The reasons. The attack begins due to the expansion of the blood vessels of the brain during intense physical exertion. However, it is not known why physiologically normal vasodilation causes pain in some people and not in others. It has been observed that pain from exercise is more likely to affect those who suffer from migraines or have close relatives with this disease.

Attack triggers are any activity that accompanies physical exertion: running, aerobics, swimming, sex, and coughing. Exercising at altitude, in heat or cold, increases the risk of an attack.

Treatment. Non-steroidal anti-inflammatory drugs are taken to relieve pain. Indomethacin works best. Some people benefit from taking beta-blockers such as propranolol.

Sinus headache

Sinus headaches are caused by sinusitis, an inflammation of the lining of the paranasal sinuses and nasal cavity.

Symptoms. Pain, pressure, and distension in the region of the eyebrows, upper teeth, forehead, and under the eyes. The malaise is accompanied by thick discharge from the nose and deterioration of the sense of smell. Other symptoms of inflammation of the sinuses may be noted:

  • General poor health
  • A slight rise in temperature
  • Redness of the nasal passages

Sinus pain is aggravated by tilting the head, moving to a horizontal position in the morning after waking up, and going out into the cold from a warm room.

Sinus headache

Sinus headache is sometimes confused with migraine with nasal symptoms, which also present with nasal congestion and facial pressure. But sinus pain has several differences from migraine. Such pain is not accompanied by nausea and vomiting and is not aggravated by noise or bright light. And the discharge from the nose is thicker than with a migraine.

The reasons. Sinus headaches are caused by the accumulation of mucus and swelling in the sinuses, which can be caused by:

  • colds, acute respiratory viral diseases;
  • allergy;
  • neoplasms, such as polyps;
  • deviated nasal septum.

Treatment. To eliminate sinus headaches, the disease that has led to the accumulation of mucus in the sinuses is treated.

For allergies, take antihistamines. Polyps are removed surgically. With a viral infection, wait until it goes away on its own, and vasoconstrictor nasal sprays are used to relieve symptoms. Antibiotics may be recommended by a doctor for bacterial illnesses.

Pain from drug abuse

This type of pain is otherwise called ricochet. Associated with overuse of headache medications.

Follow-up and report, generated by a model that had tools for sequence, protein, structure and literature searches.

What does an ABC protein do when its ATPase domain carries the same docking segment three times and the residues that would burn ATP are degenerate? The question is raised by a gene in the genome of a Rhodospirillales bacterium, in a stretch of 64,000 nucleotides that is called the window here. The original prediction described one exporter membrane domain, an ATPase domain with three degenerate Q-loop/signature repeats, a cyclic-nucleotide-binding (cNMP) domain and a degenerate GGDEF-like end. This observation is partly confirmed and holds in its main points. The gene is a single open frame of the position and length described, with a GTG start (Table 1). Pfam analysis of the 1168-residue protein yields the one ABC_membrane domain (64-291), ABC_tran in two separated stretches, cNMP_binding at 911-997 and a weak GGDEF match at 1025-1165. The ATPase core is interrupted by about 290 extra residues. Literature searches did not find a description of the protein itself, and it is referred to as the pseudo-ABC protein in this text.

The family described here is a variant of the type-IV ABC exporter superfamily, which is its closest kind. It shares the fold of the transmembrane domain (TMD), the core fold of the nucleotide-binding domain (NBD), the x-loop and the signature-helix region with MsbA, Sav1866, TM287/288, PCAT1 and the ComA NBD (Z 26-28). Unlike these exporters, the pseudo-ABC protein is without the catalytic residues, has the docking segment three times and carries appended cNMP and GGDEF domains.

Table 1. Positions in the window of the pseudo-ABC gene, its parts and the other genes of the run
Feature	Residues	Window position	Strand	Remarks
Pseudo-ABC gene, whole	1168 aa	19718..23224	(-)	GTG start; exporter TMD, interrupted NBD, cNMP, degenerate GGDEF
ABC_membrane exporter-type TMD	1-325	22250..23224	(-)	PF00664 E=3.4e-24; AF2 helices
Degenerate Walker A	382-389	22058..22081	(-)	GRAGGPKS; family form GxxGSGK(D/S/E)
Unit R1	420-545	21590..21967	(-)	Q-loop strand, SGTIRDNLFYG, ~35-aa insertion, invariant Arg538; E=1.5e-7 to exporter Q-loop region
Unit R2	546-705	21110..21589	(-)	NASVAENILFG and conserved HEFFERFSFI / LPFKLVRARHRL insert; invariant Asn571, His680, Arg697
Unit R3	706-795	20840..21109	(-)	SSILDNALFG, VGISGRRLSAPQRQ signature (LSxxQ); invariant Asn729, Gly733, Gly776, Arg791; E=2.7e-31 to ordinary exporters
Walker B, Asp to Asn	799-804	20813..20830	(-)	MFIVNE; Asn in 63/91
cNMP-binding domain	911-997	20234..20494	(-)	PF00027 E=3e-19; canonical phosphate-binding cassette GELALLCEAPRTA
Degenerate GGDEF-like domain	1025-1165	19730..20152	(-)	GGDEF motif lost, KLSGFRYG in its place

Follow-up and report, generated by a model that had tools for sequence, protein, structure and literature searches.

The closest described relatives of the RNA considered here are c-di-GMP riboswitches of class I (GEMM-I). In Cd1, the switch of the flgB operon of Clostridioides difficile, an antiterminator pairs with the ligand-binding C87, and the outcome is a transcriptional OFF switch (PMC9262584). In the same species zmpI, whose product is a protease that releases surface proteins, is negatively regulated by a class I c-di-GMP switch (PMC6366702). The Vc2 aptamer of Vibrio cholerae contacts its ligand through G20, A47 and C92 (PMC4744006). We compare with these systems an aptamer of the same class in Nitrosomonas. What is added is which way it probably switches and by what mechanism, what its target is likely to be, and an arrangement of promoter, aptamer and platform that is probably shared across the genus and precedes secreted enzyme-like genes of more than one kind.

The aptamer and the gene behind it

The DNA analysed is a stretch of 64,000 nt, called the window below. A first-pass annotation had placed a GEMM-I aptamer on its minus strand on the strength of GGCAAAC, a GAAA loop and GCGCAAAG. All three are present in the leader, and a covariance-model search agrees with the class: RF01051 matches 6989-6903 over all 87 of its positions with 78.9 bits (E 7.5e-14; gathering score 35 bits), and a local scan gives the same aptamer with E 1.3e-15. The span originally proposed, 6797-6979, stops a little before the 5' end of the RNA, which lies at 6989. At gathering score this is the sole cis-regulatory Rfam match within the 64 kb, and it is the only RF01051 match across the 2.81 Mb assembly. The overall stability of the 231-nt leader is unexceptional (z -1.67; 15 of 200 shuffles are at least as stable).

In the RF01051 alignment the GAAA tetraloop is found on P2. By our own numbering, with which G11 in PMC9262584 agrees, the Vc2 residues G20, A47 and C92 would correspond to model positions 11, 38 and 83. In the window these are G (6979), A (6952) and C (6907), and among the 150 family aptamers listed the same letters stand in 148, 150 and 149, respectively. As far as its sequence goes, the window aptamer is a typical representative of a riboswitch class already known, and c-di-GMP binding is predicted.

Symptoms. The manifestations of rebound pain depend on the type of pain treated with pain medications and the type of these drugs. General signs:

  • high frequency of occurrence – almost every day;
  • a good effect from painkillers, which disappears as soon as the effect of the drug ends;
  • increased anxiety and irritability.

The reasons. Frequent use of any drugs that are used for headaches. It can be aspirin, ibuprofen, “Sumatriptan”, “Ergotamine” and others.

Which application is “too frequent” is impossible to say unequivocally. It depends on the type of drug and its combination with other drugs.

Treatment. To eliminate rebound headaches, you need to reduce the number of pain medications you take. Reducing the frequency of admission is carried out according to the scheme developed by the doctor and only under his control. In extreme circumstances, a hospital stay can be necessary.

Hormonal headache

This type of headache occurs only in women and is associated with changes in hormonal status. Often such pains are called menstrual. But they can also be triggered by other hormonal changes.

Symptoms. A hormonal headache manifests itself as a usual migraine. Usually no aura.

Pain intensity is moderate to severe. Pulsating in one part of the head. Accompanied by increased sensitivity to light and sounds, nausea, dizziness, chills, or sweating.

The reasons. Hormonal pain begins when the levels of female sex hormones, mainly estrogen, fall. This happens before menstruation, pregnancy, oral contraceptives, and menopause.

Why some women have a normal level of lowering sex hormones causes a headache while others do not – has not been established. Probably a genetic predisposition matters.

Treatment. To alleviate the attack, non-steroidal anti-inflammatory drugs are used – ibuprofen and Pentalgin. The doctor may prescribe medications of the triptan group – “Sumatriptan,” “Zolmitriptan” – or hormone replacement therapy.

Thunderous headache

A thunder-like headache is a severe headache that starts suddenly, like a bolt from the blue.

Symptoms. People often describe this pain as the most severe in their lives. It starts suddenly and instantly reaches a maximum. It lasts from minutes to several hours and sometimes days. Covers the entire head and gives to the neck.

Thunderous pain is often accompanied by nausea, vomiting, fainting, numbness, speech problems, and confusion.

The reasons. Thunder-like pain is primary, that is, not associated with serious illnesses. In this case, its cause usually remains unknown. But often, a sudden and extremely severe headache is a sign of a serious brain injury, such as bleeding.

Treatment. Since thunderclap pain can be associated with life-threatening illnesses, medical attention should be sought immediately if it occurs.

Treatment is prescribed depending on the cause. If the cause is not established and there are no serious health problems, non-steroidal anti-inflammatory drugs are prescribed.